These high marginal tax rates only impact those in the middle of the income ladder, said Kotlikoff. They don't affect the work incentives of the rich or the poor. But, "the loss of the Earned Income Tax Credit and the potential loss of Medicaid and other entitlement benefits create high marginal tax rates for low income workers in other ways."
A new report from career portal CareerCast lists the most dangerous and the safest jobs.
CareerCast publisher Tony Lee said that some of the most vital careers ‘‘upholding and maintaining the very fabric of American society are also among the most dangerous.”
It’s no surprise that professions such as police officer, firefighter and emergency medical technician, which are often associated with danger, made CareerCast’s top 10. These professions are tailored for the brave; those willing to sacrifice their own health and safety for the well being of others.
It’s no surprise that veterinarians were also named among the most dangerous professions. “Animals can be unpredictable and sometimes dangerous,” said Kyle Kensing, CareerCast’s online content editor. “Veterinarians working with dogs and cats can face hazards of bites and scratches, and those who work with livestock and other large animals also risk serious injury.”
Also included among the top 10 most dangerous jobs are construction laborer, correction officer, farmer, nursing assistant, taxi driver and truck driver.
Quantifying the safest jobs is not quite as clear as determining the most dangerous. Low demand for travel, low physical activity and/or exertion, and workplace settings contribute to safer, physical conditions. Some of the best-ranked jobs having to do with monitoring and studying the environment have the lowest rate of physical incidents, according to CareerCast.
Predictably, IT jobs such as computer systems analyst and web developer, reported the fewest cases of on-the-job injury or illness. Other safe jobs include accountant/auditor, actuary, dietician, interpreter/translator, mathematician, medical records technician, paralegal assistant, and statistician.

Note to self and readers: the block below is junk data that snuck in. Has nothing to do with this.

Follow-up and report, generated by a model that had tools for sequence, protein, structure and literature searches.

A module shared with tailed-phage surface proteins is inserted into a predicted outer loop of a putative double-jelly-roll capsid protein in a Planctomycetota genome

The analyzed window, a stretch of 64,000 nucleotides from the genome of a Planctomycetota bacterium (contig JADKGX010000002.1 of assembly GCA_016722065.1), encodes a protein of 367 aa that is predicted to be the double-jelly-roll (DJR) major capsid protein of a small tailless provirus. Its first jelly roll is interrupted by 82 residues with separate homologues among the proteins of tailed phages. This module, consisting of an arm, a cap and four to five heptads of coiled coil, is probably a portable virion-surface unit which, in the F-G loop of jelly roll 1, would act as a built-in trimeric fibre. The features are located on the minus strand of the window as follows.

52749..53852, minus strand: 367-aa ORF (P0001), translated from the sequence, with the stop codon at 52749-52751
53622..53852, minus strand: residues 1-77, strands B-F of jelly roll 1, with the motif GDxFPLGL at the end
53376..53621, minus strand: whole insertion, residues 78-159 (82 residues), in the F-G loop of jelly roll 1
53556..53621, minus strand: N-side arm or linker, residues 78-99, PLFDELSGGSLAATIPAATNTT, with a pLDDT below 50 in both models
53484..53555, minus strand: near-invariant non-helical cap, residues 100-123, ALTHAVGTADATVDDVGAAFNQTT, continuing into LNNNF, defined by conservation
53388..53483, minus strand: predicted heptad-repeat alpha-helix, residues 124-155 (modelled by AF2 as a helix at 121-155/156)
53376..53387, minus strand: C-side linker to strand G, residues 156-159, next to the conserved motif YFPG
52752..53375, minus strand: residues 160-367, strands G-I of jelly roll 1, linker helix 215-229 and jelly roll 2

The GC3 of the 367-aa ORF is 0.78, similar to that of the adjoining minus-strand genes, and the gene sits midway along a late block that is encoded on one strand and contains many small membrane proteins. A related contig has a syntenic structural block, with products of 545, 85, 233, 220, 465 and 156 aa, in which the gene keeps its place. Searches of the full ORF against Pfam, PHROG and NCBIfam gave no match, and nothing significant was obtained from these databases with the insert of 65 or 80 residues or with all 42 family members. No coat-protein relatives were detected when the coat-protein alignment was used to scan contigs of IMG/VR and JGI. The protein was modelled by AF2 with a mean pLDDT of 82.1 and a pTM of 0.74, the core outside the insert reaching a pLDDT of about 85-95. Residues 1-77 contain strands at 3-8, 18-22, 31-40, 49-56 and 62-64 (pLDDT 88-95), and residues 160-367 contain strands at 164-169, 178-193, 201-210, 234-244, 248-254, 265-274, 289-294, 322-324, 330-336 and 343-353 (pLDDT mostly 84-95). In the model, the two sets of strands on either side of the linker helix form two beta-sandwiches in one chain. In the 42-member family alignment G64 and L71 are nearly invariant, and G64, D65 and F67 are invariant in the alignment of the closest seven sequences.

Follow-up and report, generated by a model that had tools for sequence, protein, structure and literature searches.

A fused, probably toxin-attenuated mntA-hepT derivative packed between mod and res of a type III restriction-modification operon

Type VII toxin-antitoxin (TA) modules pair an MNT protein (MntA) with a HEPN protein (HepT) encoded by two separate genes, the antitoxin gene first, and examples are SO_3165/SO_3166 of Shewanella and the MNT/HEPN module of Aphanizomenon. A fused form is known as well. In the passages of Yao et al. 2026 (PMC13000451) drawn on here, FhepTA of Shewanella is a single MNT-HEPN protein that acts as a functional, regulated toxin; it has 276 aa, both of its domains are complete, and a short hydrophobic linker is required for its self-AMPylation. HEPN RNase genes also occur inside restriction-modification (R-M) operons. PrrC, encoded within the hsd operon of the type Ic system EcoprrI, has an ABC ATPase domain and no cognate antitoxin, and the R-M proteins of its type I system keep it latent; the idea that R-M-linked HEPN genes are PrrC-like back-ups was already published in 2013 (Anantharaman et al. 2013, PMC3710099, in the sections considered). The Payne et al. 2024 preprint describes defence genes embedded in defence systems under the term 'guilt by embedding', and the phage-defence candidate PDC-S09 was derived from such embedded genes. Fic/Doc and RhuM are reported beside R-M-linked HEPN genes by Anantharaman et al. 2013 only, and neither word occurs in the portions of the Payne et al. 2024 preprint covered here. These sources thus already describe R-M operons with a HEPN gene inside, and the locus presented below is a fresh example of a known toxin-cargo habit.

The following are CareerCast’s 10 most dangerous jobs of 2016, plus average salary and growth prospects:
10 safest jobs
How most dangerous and safest jobs were compiled
The safest jobs were chosen based on work environment, which includes physical factors, all of which contribute to workplace danger; energy (exertion/stamina); physical demands; work conditions (toxic fumes, noise, etc.); and degree of confinement.
Picking up where I left off in my last blog, Scott Schober, CEO of Berkeley Varitronics Systems and author of “Hacked Again,” offers more solid cyber security tips that you ought to take seriously. Here are five more:
Think twice before putting personal information on a social media site
The result is you might end up being a victim of identity theft. When it comes to identity theft, criminals are scouring social media channels for information about targeted victims. It’s important not to give up too much information on your own social channels. More important, don’t post every detail of your personal life. While checking your Facebook account is fun, consider that it “can also be fun for a criminal who now knows when you aren’t home,” Schober said. “Any pieces of personal information a hacker can gather about you is another step toward stealing or selling your identity,” he added. Don’t list important information such as your date of birth or where you work because it makes you an easy target.
Don’t respond to spam
Don’t fall for phishing scams
• 156 Million phishing emails are sent every day by cyber criminals globally
• 16 million emails make it through the SPAM filters
• 8 million people open the emails
• 80,000 people (or 10%) fall for a scam every day and share their personal information.
Solution: Although tempting, fight the urge and don’t click. Said Schober: If “you think that people don’t fall for phishing scams, think again.”
Beware of insider threats
Schober said that it only takes one corrupt employee within an organization to pull off a successful cyber crime. His advice: “Report all suspicious activity to your employer as you never know when you have an insider threat.”
Protect credit cards
Due to state-of-the-art technologies, such as scanners and other devices that can quickly and discretely capture your credit card data, these types of breaches are very common, said Schober. Be proactive and protect your credit cards with security sleeves. Best strategy: Request credit cards that only use smartchip technology because these cards are much more difficult to compromise. Schober advises regularly checking your statements to ensure your transactions are valid. And contact your bank immediately if you notice something suspicious.